Another data point supporting the argument that too many police agencies just aren’t adequately equipped to deal with the mentally ill.
It started when a friend concerned for [Chad] Chadwick’s emotional well-being called Missouri City police to Chad’s Sienna apartment where he’d been distraught, drinking and unknown to anyone, had gone to sleep in the bathtub.
A SWAT team was summoned.
“They told a judge I had hostages. They lied to a judge and told him I had hostages in my apartment and they needed to enter,” said Chadwick.
Chadwick did own a single shotgun, but had threatened no one, not even himself. Chadwick’s firearm possession apparently prompted SWAT to kick in his door, launch a stun grenade into the bathroom and storm in, according to Chadwick, without announcing their identity.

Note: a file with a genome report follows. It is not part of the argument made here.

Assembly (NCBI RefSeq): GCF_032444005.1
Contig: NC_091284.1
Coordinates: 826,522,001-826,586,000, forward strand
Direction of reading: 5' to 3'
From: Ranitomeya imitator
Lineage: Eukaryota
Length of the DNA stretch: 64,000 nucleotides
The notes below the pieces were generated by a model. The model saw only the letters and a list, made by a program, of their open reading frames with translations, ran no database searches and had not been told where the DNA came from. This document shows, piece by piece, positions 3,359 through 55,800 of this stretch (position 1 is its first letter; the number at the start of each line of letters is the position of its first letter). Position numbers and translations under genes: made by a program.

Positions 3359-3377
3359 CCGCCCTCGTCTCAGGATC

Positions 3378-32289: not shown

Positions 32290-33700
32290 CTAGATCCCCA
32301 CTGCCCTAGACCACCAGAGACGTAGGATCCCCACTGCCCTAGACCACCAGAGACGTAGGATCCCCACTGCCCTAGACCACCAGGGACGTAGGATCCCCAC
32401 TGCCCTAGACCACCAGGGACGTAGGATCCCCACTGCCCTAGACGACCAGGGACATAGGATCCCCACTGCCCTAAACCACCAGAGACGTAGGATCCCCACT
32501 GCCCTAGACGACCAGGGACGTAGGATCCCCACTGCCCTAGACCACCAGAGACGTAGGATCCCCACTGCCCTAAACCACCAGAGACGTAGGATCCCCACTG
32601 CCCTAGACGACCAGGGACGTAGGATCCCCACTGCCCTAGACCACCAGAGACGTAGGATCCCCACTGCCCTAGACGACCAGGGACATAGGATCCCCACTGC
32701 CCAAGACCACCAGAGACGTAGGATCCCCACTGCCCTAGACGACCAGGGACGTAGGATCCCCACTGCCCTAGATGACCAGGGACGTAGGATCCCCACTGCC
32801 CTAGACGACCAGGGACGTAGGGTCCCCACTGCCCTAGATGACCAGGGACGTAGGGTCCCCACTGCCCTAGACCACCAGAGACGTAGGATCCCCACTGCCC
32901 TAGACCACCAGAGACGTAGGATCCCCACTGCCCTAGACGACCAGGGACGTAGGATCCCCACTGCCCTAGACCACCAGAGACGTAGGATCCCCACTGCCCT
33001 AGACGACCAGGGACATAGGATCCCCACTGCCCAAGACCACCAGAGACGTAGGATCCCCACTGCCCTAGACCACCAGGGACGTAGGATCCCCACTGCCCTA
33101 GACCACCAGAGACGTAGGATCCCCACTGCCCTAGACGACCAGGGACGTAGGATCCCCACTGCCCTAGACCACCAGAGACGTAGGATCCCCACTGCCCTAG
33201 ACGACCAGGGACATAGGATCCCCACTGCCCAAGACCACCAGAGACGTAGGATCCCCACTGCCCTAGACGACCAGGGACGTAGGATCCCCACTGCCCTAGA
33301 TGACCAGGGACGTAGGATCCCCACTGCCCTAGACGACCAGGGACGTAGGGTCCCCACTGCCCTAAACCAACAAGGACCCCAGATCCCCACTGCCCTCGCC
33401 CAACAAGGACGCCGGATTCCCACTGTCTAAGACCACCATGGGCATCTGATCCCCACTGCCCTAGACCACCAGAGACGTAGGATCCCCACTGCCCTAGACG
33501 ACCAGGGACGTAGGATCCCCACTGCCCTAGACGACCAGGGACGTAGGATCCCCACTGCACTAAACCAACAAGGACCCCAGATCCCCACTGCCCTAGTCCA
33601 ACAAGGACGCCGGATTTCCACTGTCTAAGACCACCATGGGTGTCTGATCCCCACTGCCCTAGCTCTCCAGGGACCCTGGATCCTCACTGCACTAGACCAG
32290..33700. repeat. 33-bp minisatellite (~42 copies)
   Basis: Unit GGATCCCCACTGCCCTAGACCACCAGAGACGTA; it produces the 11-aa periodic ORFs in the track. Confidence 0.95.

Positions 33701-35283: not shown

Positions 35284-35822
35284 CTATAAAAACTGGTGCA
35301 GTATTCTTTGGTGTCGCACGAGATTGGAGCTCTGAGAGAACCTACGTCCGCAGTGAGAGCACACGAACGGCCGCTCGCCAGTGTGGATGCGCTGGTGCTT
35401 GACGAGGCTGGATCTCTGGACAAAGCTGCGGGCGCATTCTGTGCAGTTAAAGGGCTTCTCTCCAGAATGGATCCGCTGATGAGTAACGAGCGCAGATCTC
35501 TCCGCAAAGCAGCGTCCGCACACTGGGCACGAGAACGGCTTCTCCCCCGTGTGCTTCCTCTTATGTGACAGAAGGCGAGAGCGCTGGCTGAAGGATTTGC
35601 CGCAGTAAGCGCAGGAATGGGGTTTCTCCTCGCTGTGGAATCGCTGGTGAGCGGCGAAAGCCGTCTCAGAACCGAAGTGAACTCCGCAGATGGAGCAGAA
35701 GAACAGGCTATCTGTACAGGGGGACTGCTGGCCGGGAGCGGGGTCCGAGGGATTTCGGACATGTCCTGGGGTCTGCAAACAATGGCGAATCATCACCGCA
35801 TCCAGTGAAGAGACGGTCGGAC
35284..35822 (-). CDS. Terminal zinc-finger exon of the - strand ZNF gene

“While I had my hands up naked in the shower they shot me with a 40 millimeter non-lethal round,” said Chadwick.
A second stun grenade soon followed.
“I turned away, the explosion went off, I opened my eyes the lights are out and here comes a shield with four or five guys behind it. They pinned me against the wall and proceeded to beat the crap out of me,” said Chadwick.
That’s when officers shot the unarmed Chadwick in the back of the head with a Taser at point blank range.
“They claimed I drew down with a shampoo bottle and a body wash bottle,” said Chadwick . . .
“They grabbed me by my the one hand that was out of the shower and grabbed me by my testicles slammed me on my face on the floor and proceeded to beat me more.”
Denton folks Michael Hennen and Susan Vaughan campaign to ban fracking
The fracking ban that came into effect on Tuesday in the heart of Texas might never have happened at all, if industry had not insisted on fracking beside a local hospital, a children’s playground, and the 100-year-old farmhouse that was Cathy McMullen’s retirement dream.